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A lawsuit over the use of incentives filed by the owner of a nearly vacant downtown office building that lost its main tenant when Delaware North Cos. moved to the Key Center was dismissed Wednesday by U.S. District Court Judge John T. Elfvin.

The judge dismissed all of the claims made by Vandor Inc., the Toronto-based real estate company that owns the former Delaware North headquarters building at Main and Court streets, in a lawsuit that had sought $387 million in damages from more than a dozen of the Buffalo area's most prominent companies, development agencies, executives and elected officials.

"We're extremely pleased by the outcome," said Bryan J. Keller, Delaware North's vice president and general counsel. "I think it establishes the lack of merit in these claims."

Elfvin also granted a request by Delaware North, the City of Buffalo and the Buffalo Economic Renaissance Corp. for sanctions that would allow them to collect "reasonable costs" from Vandor for defending themselves against the claims.

Vandor had argued that the $17.5 million in bond financing that Delaware North and its new landlord, 60 Key Center Associates, received through the Erie County Industrial Development Agency had left it at a competitive disadvantage.

Delaware North last year moved its offices two blocks up Main Street to Key Center after its lease at its former offices at 438 Main St. expired at the end of 1999. The move, which opened up 63,000 square feet of space that Delaware North had been leasing in the 12-story building, left Vandor with a property that had an 85 percent vacancy rate, Vandor officials have said.

At the same time, an entity affiliated with Delaware North, 438 Main St. Inc., launched foreclosure proceedings last year against Vandor, which acquired the Main-Court building from the Buffalo-based concessions giant in December 1994.

Keller said he believes Vandor's lawsuit "was raised in some sort of desperate effort to forestall the foreclosure." Vandor's attorney, John Bartolomei, could not be reached to comment.

The foreclosure process still is proceeding after Erie County Court Judge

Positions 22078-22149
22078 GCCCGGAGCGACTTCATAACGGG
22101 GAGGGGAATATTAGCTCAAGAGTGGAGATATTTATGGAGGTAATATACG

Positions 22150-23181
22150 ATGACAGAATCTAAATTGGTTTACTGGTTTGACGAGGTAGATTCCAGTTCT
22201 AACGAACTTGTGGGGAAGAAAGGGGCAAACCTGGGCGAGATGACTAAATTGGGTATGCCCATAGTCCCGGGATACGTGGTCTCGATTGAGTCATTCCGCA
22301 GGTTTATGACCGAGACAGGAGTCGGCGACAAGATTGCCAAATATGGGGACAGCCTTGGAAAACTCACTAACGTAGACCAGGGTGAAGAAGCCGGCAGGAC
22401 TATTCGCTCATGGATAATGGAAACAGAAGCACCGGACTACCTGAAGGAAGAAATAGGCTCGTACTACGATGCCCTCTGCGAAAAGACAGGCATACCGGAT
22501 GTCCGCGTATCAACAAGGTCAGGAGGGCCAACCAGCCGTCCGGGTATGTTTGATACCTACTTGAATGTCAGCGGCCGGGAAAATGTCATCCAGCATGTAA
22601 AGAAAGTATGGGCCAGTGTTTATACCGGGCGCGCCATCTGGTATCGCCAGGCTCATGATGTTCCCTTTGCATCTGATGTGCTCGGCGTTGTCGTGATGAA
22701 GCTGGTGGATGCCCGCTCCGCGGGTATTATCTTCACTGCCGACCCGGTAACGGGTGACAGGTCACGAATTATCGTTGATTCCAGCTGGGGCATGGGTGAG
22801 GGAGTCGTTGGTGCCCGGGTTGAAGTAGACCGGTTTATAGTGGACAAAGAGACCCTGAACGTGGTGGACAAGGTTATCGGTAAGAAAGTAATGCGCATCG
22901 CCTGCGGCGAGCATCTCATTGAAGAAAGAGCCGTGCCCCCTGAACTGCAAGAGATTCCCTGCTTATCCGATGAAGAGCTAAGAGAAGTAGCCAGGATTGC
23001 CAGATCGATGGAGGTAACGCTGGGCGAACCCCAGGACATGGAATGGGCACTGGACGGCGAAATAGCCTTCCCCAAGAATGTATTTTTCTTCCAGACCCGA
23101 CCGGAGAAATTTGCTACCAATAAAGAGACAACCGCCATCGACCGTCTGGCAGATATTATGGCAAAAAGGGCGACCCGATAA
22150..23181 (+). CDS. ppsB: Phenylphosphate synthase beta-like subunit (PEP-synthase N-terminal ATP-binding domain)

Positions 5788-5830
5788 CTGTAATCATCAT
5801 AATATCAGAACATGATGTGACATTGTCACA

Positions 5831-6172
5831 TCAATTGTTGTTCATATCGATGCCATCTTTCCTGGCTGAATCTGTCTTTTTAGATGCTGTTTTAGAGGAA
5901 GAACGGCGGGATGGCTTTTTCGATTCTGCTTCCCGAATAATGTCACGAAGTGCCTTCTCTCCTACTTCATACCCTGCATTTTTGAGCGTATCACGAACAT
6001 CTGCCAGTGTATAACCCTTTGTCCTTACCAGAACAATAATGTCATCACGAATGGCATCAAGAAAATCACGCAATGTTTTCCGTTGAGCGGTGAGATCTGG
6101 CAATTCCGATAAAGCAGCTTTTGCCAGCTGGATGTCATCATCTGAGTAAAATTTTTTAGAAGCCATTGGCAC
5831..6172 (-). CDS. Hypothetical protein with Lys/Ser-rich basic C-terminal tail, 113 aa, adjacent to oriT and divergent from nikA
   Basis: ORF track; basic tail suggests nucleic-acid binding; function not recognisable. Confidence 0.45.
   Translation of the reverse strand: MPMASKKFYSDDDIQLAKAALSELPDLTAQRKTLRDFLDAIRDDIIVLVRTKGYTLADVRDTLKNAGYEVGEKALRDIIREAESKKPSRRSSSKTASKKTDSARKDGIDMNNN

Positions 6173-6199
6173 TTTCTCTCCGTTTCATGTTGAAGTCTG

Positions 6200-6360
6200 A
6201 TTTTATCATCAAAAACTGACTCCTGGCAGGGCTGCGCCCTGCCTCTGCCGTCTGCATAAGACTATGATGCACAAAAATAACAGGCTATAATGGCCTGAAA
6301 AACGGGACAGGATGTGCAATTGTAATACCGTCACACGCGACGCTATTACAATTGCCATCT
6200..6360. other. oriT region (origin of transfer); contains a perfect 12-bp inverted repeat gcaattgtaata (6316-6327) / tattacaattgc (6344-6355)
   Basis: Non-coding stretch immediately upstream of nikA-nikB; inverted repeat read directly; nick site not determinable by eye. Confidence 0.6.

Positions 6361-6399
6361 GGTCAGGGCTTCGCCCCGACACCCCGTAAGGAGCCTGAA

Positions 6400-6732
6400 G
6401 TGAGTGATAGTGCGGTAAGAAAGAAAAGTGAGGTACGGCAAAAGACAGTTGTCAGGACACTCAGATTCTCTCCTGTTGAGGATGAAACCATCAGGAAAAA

Michael D'Amico in mid-December dismissed counterclaims that had been filed by Vandor. Vandor has filed notice that it plans to appeal that ruling.

438 Main St. sold the building to Vandor in December 1994 for $1 million and also agreed to hold a $5.5 million mortgage on the property, according to records filed in the county clerk's office. Delaware North also agreed to remain as a tenant in the building for five years.

Delaware North moved out of the Main-Court building when its lease expired at the end of 1999, leaving Vandor with a gaping hole to fill in the building. And when Vandor failed to make a $4.2 million balloon payment on the mortgage that was due on June 30, 438 Main St., Delaware North launched foreclosure proceedings against the company.

Delaware North signed a 15-year lease in 1999 to move its offices to more than 100,000 square feet of space in the Key Center's south tower, with the company and its new landlord, Key Center Associates, receiving $17.5 million in bond financing through the Erie County IDA.

State and local officials said at the time that the incentives helped cement Delaware North's presence in Buffalo. There had been concerns the city's second-largest private corporation would move some or all of its operations to other parts of the country.

Delaware North officials said at the time that it might have made more sense from a financial point of view to move its subsidiaries closer to its other businesses outside the state. There had been talk of moving two of its business groups, Sportservice and CA One, to Boston.

The Vandor lawsuit named as defendants top Delaware North officials, including chairman Jeremy Jacobs, as well as Mayor Anthony M. Masiello and the City of Buffalo, the Buffalo Economic Renaissance Corp. and the Erie County IDA.

The lawsuit also named local commercial real estate agent James Militello and his company, James R. Militello Realty, which has since been hired by Delaware North to manage the office building. Other defendants include 60 Key Center Associates, along with the Key Tower's leasing agent, Ciminelli Development Co., and its president, Paul Ciminelli.

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